Engineered with GORE-TEX® Product
ELEMENT GT Paclite Jacket
- GORE-TEX® Product: durably waterproof, windproof and extremely breathable
- Long back
- Napoleon pocket with zip closure, usable as stow-away pocket
- Close-fitting hood
- Reflective print on shoulders
- Reflective logo on front and back
- Reflective piping on back and sleeves
- Hem width can be adjusted by cordstopper and elastic drawstring
- Adjustable cuff
- Zip-underflap and zip-port
- Zip tags for easy opening
Delivering maximum comfort and protection in a wide range of running activities and weather conditions, garments made with GORE-TEX® fabric are durably waterproof, windproof and very breathable.
GORE-TEX® GUARANTEED TO KEEP YOU DRY® promise
If you are not completely satisfied with the waterproofness, windproofness, or breathability of a GORE-TEX® product then we will repair it, replace it, or refund your purchase price. All GORE-TEX® garments and footwear - and only GORE-TEX® garments and footwear - carry our GUARANTEED TO KEEP YOU DRY® promise.
At the heart of GORE-TEX® fabric is an extremely thin membrane that's durably waterproof, windproof, and breathable. It has over 9 billion pores per square inch.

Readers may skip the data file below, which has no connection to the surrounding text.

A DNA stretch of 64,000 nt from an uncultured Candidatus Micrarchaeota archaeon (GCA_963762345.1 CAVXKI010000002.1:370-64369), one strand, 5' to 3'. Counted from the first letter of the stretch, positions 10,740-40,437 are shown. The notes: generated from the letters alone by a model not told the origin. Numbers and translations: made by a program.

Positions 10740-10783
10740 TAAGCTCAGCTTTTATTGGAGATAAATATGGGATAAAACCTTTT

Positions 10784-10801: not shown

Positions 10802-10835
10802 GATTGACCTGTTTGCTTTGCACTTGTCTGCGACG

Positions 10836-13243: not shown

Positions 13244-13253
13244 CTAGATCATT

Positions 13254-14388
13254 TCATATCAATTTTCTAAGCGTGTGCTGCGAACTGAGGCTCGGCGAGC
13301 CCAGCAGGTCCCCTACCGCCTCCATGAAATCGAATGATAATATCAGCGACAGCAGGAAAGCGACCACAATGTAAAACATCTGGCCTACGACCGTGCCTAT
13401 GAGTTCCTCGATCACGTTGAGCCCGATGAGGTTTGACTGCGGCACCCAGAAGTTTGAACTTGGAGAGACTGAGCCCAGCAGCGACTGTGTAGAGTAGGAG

What Durably Waterproof Means
We believe waterproof garments shouldn’t leak - period. Many outdoor brands claim their products are waterproof but can’t always keep that promise over time in real-life conditions. We keep that promise. GORE-TEX® fabrics provide truly durable waterproofness, keeping water out through prolonged use in harsh conditions and demanding applications.
Although textiles like microfibers, closely woven fabrics, and many fleece materials are often considered windproof, even light winds can penetrate most of these fabrics, making you feel chilled and uncomfortable. In technical terms, a fabric can only be considered truly windproof if its air permeability is 1.0 cfm (volume of air that passes through one cubic foot of fabric in one minute) or less. All GORE-TEX® products meet or exceed this standard.
“Breathability” is one of the outdoor industry’s most misunderstood terms. It is not, as many believe, about a fabric’s ability to let air move through it, rather it refers to how well it lets your sweat escape in the form of moisture vapor. Our standards require that during heavy exertion our fabrics must breathe well enough to allow sweat to evaporate easily.